|Since I want to get this out of my system: here's a set of proposals to fix (okay, replace) the current failing patent system. No lengthy diatribe or introduction, just a raw list.
Let me begin by saying that I, by no means, am claiming this set of proposals is perfect, watertight, coherent, legally feasible, or workable. It's just a number of of things that I, as a layman, think will benefit society and progress.
Let's get started. First, let's identify the problems of the current patent system. Most of us here are aware of the problems inherent in the system, so I don't want to go into too many details; we've covered it a million times before, as has the rest of the web. On a point-by-point basis:
- Patents are granted too easily, even on trivial and obvious stuff.
- Patents are granted on ideas instead of actual implementations.
- The system allows for software patents to exist. Software patents are patents on math and language, which ought not to be patentable. Software already enjoys copyright protection.
- Patents are transferable, which leads to patent hoarding and patent trolls.
- Patent protection lasts too long, putting a huge damper on innovation and creating a truly massive collection of still-valid patents you have to take into account.
- Invalidation is too expensive, making it virtually impossible for small companies or individuals to do anything about aggressive large corporations. The result is that large corporations can easily crush small companies and start-ups.
Ideally, we would modernise the patent system with the following four goals in mind:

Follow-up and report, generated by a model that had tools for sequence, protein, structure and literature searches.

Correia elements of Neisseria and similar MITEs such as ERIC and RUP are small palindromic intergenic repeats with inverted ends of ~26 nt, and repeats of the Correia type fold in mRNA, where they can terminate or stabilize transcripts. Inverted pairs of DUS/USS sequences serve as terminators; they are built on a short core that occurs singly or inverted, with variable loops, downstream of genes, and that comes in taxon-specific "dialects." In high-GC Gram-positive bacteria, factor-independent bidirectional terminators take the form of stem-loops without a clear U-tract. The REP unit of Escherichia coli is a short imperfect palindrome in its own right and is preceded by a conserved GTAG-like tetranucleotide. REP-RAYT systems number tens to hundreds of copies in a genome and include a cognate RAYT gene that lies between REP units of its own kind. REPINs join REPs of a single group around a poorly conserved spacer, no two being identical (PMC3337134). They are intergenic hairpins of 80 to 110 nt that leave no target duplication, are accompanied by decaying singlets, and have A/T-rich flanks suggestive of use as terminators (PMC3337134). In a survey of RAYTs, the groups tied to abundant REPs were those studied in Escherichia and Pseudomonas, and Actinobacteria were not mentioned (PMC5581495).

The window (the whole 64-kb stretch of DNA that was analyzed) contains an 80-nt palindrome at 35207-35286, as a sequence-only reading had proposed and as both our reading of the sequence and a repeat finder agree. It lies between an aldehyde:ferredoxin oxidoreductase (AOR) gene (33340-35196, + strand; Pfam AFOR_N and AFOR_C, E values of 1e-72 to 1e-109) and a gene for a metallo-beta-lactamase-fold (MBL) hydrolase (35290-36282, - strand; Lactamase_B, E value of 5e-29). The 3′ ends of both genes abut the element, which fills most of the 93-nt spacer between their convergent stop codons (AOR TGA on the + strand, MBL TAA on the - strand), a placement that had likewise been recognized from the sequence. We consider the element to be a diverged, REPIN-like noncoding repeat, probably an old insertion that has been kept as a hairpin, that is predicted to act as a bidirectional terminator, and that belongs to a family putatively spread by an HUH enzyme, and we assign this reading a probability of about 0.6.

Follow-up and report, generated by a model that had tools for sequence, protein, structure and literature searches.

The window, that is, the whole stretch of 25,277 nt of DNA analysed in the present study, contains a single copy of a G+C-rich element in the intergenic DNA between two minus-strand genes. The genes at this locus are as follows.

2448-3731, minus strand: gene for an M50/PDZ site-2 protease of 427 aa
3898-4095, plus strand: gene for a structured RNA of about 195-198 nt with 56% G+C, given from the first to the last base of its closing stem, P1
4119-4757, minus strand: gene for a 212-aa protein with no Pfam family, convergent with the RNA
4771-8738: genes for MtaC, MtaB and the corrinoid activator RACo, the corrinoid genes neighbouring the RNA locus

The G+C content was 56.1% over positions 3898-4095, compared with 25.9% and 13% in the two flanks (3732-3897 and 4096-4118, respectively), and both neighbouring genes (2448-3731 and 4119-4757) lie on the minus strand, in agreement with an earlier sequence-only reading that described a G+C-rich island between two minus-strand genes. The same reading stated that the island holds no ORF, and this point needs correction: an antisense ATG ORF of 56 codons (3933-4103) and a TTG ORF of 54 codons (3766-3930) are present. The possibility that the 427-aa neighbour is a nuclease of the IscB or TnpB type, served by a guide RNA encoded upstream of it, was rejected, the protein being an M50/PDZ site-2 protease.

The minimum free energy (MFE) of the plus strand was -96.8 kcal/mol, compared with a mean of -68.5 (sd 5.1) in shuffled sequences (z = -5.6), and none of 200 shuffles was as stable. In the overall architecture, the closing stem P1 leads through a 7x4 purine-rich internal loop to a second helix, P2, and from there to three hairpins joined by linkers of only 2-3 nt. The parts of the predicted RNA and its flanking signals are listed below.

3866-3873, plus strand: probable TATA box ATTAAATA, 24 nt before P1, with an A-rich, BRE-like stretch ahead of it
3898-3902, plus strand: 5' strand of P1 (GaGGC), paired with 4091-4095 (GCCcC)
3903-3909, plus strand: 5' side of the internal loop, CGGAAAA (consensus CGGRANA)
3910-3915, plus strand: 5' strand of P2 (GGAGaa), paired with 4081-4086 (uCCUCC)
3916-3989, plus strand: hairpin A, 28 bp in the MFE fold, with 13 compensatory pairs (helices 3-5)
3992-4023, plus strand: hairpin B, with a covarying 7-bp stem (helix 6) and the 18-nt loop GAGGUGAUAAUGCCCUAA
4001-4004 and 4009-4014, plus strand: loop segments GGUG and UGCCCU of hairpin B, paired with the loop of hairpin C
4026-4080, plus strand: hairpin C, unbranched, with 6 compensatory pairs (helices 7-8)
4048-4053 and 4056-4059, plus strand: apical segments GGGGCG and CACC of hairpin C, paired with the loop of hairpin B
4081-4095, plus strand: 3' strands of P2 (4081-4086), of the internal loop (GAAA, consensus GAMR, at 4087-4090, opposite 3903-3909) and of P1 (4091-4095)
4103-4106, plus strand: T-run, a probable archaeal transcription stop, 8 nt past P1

- Make sure patents do what they're supposed to do: foster innovation and the progress of mankind. Or, as the United States Constitution puts it: "promote the progress of science and useful arts".
- Bring back balance. All else being equal, large corporations should not have an advantage over small companies or individuals just because they have more money.
- Make it possible for the state - i.e., democratically elected body - to intervene in the patent system in case of emergencies. Patents are state-granted monopolies, after all.
- Prevent frivolous lawsuits and excessive filing to reduce the pressure on the courts and patent offices.
I propose the following solutions to achieve these goals:
- Patent applications must be accompanied by a working prototype that must be presented, in person, by the inventor listed on the application, to the patent office. This makes it impossible to file patents on ideas that have not yet been implemented or productised, and will serve to greatly reduce the number of vague and/or bogus applications.